I already had a strong theoretical understanding in marketing on account of all the studying I had done in the Marketing and Brand Management concentration of my MTA Portfolio.

I built a marketing concentration into my self-declared master’s because I knew that the ability to conduct market research and to market myself and/or services or products I might sell would be an invaluable skillset to possess in the twenty-first century.

Building Not Your Average Life Coach was a perfect opportunity for me to exercise all my marketing learning.

Two Coursera specializations I had completed as part of my marketing concentration – Marketing Strategy and Marketing Mix Implementation – were invaluable for helping me to define the marketing approach of Not Your Average Life Coach, even if it was a slightly haphazard one.

 

 

The first thing I knew I had to was to define the specific niche of coaching client I would be best suited to aim towards.

By best suited, I mean…

  • Clients that I was most qualified and comfortable coaching
  • Clients who made up a sizeable market segment that would generate enough leads and income to make my side hustle a viable business

This is where the market research came in and by continuing to coach, I was conducting a very direct form of market research.

In the early days, not only was I coaching my clients, but I was actively questioning about the type of coaching services and products they were looking to invest in.

Ultimately, I discovered that the coaching client I was suited for coaching were females aged between 25 and 40 who were looking to augment, improve or change their careers.

My target market

I was not particularly surprised that I should focus my coaching on the career development sector because my initial free batch of coaching had been entirely made up of clients who wanted to look at their careers.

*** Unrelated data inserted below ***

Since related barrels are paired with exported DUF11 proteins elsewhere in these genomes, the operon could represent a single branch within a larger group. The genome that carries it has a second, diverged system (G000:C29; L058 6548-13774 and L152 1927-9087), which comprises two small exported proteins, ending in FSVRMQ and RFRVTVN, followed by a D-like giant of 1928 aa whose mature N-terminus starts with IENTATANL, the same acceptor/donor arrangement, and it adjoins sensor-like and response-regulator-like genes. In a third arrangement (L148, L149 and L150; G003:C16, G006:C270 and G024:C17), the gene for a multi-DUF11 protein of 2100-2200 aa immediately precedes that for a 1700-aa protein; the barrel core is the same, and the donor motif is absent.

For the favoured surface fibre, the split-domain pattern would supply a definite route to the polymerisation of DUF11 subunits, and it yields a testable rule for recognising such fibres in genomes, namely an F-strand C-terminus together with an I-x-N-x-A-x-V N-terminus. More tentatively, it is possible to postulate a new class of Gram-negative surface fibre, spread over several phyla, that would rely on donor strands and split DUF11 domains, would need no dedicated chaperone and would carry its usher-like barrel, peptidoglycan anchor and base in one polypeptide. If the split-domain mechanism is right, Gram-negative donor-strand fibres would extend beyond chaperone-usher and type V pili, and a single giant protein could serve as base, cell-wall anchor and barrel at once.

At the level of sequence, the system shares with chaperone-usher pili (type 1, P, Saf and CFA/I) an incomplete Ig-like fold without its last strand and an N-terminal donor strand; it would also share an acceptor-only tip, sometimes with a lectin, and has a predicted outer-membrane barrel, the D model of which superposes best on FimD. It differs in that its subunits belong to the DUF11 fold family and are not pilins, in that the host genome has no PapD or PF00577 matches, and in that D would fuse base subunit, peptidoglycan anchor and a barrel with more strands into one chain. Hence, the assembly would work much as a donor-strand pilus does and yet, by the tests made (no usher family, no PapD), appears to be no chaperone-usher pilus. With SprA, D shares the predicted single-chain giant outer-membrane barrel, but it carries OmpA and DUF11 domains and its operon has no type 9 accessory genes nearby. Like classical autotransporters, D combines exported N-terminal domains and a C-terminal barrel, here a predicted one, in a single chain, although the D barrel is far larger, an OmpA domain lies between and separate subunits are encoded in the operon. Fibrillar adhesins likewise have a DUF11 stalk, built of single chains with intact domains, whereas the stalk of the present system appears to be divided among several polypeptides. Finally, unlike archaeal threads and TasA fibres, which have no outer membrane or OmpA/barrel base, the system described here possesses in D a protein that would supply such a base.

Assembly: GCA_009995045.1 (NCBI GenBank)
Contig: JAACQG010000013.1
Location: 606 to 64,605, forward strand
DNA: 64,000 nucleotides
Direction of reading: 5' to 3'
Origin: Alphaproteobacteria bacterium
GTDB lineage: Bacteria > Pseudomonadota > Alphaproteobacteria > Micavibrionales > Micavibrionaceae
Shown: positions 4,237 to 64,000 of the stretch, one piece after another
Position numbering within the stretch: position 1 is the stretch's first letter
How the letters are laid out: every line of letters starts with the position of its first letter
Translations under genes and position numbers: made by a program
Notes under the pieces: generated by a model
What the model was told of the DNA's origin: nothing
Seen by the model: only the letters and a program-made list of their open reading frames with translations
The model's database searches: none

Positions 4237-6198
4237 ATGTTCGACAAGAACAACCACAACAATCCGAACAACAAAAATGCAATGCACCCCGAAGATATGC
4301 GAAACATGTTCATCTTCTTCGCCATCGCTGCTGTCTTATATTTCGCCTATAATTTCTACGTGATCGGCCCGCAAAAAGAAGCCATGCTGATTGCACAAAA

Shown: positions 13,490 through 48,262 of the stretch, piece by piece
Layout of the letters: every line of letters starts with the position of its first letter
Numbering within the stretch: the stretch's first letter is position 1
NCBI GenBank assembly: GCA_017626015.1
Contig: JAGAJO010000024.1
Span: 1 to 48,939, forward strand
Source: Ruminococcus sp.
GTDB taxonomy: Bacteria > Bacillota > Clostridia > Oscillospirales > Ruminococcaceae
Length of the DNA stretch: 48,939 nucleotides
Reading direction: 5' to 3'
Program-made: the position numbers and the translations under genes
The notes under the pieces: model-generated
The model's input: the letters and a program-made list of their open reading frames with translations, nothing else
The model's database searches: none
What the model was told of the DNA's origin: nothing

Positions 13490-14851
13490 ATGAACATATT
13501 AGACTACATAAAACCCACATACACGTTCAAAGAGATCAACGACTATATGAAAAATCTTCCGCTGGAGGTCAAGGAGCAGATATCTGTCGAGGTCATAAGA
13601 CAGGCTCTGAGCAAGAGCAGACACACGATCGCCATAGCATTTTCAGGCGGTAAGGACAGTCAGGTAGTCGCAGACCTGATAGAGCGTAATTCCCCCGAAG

The age range of 25 – 40 was also not a huge surprise because that period tends be a career change hotspot, especially in today’s volatile job market.

What did initially surprise me was that all my clients were females, every single one of them.

Granted, later I did coach a couple of male clients, but the vast majority of my clients always proved to be females.

Based on what my clients have said, I think females are much more open to employing the concept of life coaching.

I find males are much more closed-off and operate along the lines of, “I don’t really see the point in it.”

Certainly, that was largely my attitude before I became a life coach.

I didn’t see much point in hiring a life coach to help me develop my career when I could just go and figure it out yourself.

While I did figure much out myself regarding career development, when I first started coaching, I never felt 100% comfortable with coaching other peoples’ careers.

If anything, I felt slightly hypocritical.

Aside from building my own self-declared master’s degree and starting my own life coaching side hustle, I didn’t really feel like I had much wide-ranging career development experience to call upon.

However, the more I coached, the more I discovered that my clients were not looking for someone who had a wide and varied career behind them.

Instead, they just wanted to talk with someone who was very open-minded and could help them get creative with their ideas.